Questen Benjamin teaches eighth grade history at AF Apollo Middle School.
In 1926, historian Carter G. Woodson founded the precursor to Black History Month—what was known as “Negro History Week.” Woodson believed that “if a race has no history, it has no worthwhile tradition, it becomes a negligible factor in the thought of the world, and it stands in danger of being exterminated.” To ensure the legacy and contributions of African-American people would be honored, Woodson proposed this week to commemorate their achievements.
Woodson decided that the celebration of Negro Week should occur in February for one important reason: The month coincided with the birthdays of two leading figures in the abolitionists movement, President Abraham Lincoln and Frederick Douglass. Coincidentally, it was also the same month as the birthday of one of NAACP founders W.E.B. Du Bois and the passage of the 15th Amendment, which gave African Americans the right to vote.
In modern day, we still celebrate Black history in February, which also happens to be the shortest month of the year, making it impossible to fully honor the significant contributions and achievements of African Americans throughout history.
As educators, we’ve made the commitment to work in the best interest of our scholars. Serving students of color requires that we are intentionally craft spaces and moments where they are challenged to be their best and also affirmed and celebrated for who they are.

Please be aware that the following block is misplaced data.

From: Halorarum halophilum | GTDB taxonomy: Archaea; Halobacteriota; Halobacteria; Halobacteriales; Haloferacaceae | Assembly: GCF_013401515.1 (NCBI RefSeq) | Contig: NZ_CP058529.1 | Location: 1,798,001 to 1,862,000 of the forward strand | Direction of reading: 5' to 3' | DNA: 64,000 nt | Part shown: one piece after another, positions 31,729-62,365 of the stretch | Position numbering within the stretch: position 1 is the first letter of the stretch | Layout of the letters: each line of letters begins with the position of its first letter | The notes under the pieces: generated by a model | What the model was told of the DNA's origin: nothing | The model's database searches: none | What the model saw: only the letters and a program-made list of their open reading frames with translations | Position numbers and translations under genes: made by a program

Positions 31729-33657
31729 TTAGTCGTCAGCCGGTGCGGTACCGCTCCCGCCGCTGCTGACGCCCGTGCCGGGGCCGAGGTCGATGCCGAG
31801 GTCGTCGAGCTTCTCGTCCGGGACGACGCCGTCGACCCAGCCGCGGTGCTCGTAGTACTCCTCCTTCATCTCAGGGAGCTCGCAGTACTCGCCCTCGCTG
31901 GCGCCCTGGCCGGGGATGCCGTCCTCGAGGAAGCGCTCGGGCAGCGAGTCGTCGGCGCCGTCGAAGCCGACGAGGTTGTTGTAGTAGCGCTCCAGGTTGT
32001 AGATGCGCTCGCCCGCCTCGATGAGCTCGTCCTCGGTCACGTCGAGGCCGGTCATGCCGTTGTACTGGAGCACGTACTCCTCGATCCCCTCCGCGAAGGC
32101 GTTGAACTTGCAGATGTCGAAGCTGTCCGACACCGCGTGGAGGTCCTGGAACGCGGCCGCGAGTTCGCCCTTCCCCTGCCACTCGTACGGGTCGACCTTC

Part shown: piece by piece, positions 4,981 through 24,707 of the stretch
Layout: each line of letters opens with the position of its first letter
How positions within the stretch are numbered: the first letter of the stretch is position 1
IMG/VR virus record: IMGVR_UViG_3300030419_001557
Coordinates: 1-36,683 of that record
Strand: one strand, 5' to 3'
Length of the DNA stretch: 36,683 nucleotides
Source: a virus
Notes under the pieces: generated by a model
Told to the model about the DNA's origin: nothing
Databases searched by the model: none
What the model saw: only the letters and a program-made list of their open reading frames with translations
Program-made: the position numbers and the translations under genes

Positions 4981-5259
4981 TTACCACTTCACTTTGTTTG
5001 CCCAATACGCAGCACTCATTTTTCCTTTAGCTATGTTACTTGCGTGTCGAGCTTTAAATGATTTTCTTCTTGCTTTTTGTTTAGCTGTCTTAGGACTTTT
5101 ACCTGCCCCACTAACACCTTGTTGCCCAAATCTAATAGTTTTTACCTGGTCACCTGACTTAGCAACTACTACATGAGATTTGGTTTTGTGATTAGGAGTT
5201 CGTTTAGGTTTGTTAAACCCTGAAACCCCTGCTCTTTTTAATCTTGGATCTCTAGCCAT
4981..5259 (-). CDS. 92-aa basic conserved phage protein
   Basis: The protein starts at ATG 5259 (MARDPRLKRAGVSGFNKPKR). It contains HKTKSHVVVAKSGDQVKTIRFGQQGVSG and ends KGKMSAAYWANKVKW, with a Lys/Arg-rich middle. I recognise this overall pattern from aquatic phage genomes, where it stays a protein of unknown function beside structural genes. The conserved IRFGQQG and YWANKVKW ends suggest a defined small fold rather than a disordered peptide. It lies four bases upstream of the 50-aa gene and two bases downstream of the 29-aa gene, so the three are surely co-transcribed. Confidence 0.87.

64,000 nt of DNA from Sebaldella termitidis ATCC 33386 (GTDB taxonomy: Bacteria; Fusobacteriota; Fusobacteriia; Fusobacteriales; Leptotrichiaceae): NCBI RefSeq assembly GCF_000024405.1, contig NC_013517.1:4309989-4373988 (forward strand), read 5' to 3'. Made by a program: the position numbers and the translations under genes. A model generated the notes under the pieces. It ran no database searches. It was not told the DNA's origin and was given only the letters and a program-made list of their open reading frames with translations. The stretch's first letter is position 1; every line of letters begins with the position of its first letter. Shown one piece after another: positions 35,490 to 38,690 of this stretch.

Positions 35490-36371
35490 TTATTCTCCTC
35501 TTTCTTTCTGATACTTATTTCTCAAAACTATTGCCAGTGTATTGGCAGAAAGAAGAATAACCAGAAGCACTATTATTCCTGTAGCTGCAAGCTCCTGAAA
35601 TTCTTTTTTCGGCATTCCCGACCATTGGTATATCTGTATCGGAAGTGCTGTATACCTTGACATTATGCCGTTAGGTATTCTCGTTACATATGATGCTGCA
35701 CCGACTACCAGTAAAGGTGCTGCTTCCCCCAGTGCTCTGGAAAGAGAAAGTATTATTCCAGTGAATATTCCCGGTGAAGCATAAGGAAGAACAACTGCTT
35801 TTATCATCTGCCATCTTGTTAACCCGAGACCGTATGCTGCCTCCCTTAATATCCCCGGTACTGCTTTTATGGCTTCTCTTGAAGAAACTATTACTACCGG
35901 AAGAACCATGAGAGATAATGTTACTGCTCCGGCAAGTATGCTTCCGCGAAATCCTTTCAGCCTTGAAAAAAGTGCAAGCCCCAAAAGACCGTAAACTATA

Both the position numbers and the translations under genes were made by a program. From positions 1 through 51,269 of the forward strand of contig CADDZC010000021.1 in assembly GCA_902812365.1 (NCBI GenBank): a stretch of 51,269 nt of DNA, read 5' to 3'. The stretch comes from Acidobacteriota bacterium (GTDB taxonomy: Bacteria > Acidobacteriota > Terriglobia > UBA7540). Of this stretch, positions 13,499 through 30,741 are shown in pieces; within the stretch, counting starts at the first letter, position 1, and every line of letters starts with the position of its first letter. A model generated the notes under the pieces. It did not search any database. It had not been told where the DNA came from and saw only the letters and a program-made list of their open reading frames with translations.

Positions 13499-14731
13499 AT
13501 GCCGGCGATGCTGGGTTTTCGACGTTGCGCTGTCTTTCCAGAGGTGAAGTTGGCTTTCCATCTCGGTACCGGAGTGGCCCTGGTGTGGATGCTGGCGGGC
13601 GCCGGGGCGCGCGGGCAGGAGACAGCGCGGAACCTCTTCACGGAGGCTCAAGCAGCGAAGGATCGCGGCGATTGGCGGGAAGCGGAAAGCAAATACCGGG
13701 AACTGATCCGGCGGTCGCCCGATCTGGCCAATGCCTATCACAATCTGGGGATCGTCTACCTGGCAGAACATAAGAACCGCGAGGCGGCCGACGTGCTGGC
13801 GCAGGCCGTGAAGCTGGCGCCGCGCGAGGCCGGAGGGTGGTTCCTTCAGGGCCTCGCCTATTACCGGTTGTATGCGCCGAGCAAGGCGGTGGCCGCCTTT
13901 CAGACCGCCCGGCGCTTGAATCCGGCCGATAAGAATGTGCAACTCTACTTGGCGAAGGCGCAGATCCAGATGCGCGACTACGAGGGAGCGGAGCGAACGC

In February, we honor the legacy, contributions, and achievements of African Americans through school-wide performances, advisory lessons, door decorations, and more, but how do we maintain the spirit and purpose of Black History Month after these 28 days end?
Here are some ideas that I’ve found helpful.
- Create an ongoing daily or weekly time to celebrate “Today in the contributions of African Americans.” The University of Pennsylvania African Studies Center compiled a list of historical events that can be used to introduce or highlight different people and historical moments in American history. This can be used at the start or end of classes. You can find the list here.
- Incorporate Black authors into your class or school library. Representation matters. Studies have shown that access and exposure to material that reflect students’ backgrounds can positively impact their perspective and life. Here are two lists of books to help you get started.
- Watch “The African Americans: Many Rivers to Cross.” Harvard scholar Henry Louis Gates, Jr. recounts the trajectory of African-American experiences in a six-part series that explains the journey throughout American history. The series is empowering for both students and teachers.
- Continue to leverage moments of relationship building and affirm scholars to help them feel a sense of pride and motivate them to be their best selves. Our students are shaped by their families, communities, and educational experience. Let’s be intentional about empowering our future generation of leaders and normalize their legacy and greatness.
Teachers and leaders, do you have other tools or resources to celebrate Black history throughout the year? Let us know, and we’ll add them here.